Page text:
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Cooking 101: Lesson 1 - A Scout is CLEAN

The first concern of any cook should always be preparing food in a safe manner that is safe to eat. No cook wants to get burnt or cut, nor do they want to subject anyone to food borne illnesses. Preparing a clean meal in a safe manner just relies on paying close attention to how you are handling your food and your cooking implements.

As you follow these basic rules consistently, they will simply become habit over time. You will avoid unnecessary injuries, never (well almost never) burn your food, and be confident that your meals are safe to eat.

Tips for SAFE And CLEAN cooking:

  • Never leave a cooking element or open flame unattended

  • Wear proper clothing (closed toe shoes, no dangling clothes/hair)

  • Knives are knives (blood circle!) - be careful, use sharp knives

  • Beware of hot water and ESPECIALLY hot oil

  • Proper handling of raw meat (washing, gloves)

Let's discuss each of these in some more detail...



Leaving a pot and pan unattended at home can result in burnt food or potentially a home fire. But leaving a fire or stove unattended at a campsite can have far greater consequences. Often we cook close to forested areas and are not close to water sources or ready access by fire fighters. So, it is even more imperative to keep close watch while we are cooking over open flames.



Cooking often involves hot liquids and unintended contact with skin can quickly lead to second degree burns. And if clothing catches fire, perhaps even worse. So, wear closed toe shoes, tie up long hair, and do not wear loose/dangling clothes.



Scouts are quick to think about blood circles and roped off areas when dealing with pocket knives, saws, and axes. But kitchen knives are just as prone to yielding cuts, and perhaps even more so as our guard may be down while cooking. Pay attention to the area around you before using kitchen knives. Make sure you are cutting on a clean, stable, and cut resistant surface. Your knives need to be sharp as that will actually lessen the chance of cuts. When done, be sure to properly clean and dry your knives to keep them in good shape.



Boiling water is a common need in campsite cooking but we often forget that boiling water is 212 degrees Fahrenheit, more than hot enough to cause serious burns. You should pay close attention not just when heating up water, but when placing food into boiling water, when uncovering a pot of heated water (steam under pressure can get even hotter), and especially when handling or draining pots of boiling water.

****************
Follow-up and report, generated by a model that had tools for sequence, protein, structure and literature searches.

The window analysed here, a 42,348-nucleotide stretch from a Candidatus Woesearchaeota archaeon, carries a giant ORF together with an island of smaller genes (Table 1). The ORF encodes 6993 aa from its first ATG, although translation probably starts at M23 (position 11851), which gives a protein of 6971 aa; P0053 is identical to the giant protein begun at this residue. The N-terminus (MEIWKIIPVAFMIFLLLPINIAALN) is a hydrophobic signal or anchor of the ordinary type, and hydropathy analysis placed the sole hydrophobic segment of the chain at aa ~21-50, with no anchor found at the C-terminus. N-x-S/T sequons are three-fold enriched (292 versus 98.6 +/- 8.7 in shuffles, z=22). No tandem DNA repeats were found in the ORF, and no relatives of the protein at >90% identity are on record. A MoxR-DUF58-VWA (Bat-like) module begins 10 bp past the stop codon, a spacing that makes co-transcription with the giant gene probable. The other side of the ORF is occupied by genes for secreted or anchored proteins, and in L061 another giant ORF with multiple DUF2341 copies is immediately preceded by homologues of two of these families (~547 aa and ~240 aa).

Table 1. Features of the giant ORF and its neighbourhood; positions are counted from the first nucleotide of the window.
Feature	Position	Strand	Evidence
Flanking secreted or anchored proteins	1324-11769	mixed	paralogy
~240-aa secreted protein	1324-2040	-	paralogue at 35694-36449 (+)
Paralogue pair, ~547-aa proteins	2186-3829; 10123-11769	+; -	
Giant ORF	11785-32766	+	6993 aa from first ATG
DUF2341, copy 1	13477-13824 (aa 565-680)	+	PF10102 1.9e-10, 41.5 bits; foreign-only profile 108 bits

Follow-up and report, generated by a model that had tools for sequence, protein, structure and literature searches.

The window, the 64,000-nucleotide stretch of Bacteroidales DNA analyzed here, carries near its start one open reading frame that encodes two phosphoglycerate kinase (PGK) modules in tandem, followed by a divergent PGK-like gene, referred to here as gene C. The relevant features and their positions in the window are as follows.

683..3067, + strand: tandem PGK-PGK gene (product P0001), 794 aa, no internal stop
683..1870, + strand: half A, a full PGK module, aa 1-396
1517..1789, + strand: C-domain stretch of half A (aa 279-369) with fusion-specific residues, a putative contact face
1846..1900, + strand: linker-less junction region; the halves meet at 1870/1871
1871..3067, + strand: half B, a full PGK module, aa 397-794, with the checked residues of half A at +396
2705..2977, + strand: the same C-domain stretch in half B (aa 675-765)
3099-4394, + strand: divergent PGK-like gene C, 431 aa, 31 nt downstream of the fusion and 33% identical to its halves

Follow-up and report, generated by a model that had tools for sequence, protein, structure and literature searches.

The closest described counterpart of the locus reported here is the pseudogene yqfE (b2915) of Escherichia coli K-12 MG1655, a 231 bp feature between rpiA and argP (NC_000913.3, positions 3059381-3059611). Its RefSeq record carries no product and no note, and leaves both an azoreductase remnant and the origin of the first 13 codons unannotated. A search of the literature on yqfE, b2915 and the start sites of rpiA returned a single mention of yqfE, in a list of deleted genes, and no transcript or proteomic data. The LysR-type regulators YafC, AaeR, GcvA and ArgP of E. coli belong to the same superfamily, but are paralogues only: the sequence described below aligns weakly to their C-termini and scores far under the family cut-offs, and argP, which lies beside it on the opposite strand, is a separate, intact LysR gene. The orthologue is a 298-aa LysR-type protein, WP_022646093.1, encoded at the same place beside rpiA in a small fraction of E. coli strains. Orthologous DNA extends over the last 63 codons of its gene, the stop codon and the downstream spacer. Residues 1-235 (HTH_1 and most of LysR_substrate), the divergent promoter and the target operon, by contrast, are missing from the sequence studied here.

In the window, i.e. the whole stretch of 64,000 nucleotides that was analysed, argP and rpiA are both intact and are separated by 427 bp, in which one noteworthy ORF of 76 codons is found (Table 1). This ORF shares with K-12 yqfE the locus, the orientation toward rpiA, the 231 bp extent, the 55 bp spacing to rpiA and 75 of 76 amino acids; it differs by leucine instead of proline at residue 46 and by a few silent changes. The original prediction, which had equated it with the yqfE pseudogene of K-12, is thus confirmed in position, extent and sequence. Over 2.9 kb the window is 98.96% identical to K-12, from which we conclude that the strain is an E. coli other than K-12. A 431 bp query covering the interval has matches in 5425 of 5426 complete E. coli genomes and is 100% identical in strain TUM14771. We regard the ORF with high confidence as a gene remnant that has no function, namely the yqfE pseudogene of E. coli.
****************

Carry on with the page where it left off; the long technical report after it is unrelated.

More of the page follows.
If you think 212F is hot, you should know that regular olive oil has a smoke point of nearly 500 degrees Fahrenheit! So, anytime you are cooking with oil, you need to be especially careful. What should warrant even more caution is the combination of hot oil and water. Water and oil do not mix. And, we all know not to try and put out a grease fire with water. But, just the act of cooking food in oil provides opportunities for flare ups. As you cook food, and especially raw meat, the trapped moisture will seep out or evaporate and condense on lids. The water droplets will immediately boil as they are exposed to oil temperatures well above 212F. The best way to manage hot oil is simply to pull it off the flame when it is getting too hot.



Improper handling of raw meat and fish is one of the most common causes of food poisoning. According to the FDA, the Federal government estimates that there are about 48 million cases of foodborne illness annually—the equivalent of sickening 1 in 6 Americans each year. And each year these illnesses result in an estimated 128,000 hospitalizations and 3,000 deaths. Sadly, many of these instances of food poisoning can be prevented through the proper care and handling of raw meat and fish.

Food safety starts with checking expiration dates before purchasing meat or poultry. For fish, ask the fishmonger or grocery store clerk when it was caught or frozen, and your nose is always a good judge for fish. Next, its all about proper storage. All raw meat and fish should be stored in a cooler on ice up until it is time to cook. Raw meat can only be stored for a limited time if not frozen - check out this handy chart at the right from the FDA.

Once you start handling the raw meat or fish, be sure to start with clean hands, clean utensils, and clean surfaces - basically anything that will come into contact with the meat or fish. Once you hands or cooking implements have contacted raw meat, they should immediately be cleaned before contacting any other food. This is ESPECIALLY true for your hands. When you plan on cooking raw meat or fish, you should already have your wash buckets ready. This will make it easier to properly clean your hands and utensils while you cook. Be sure to remember the 3 bucket rule, soap and water along with disinfectant are key to keeping food borne illneses at bay. The general recommendation is proper cleaning with soap and water for 20 to 30 seconds after handling raw meat.

There is something special about meat cooking over an open flame or stewed in a dutch oven so long that it falls apart. Proper handling of these ingredients can ensure that your food contains all of the good flavors and none of the bad characters.


The above discussion is not meant to scare you aware from cooking. Preparing a safe meal in a safe manner is actually quite easy and you eventually will not even have to think about it. But, it is important to know the dangers and not become lazy.

Now that you know all about food safety, be sure to look out for the next post where we will start to dive into cooking techniques.

Yours in Scouting,

Grubmaster and ASM Alan Blatter

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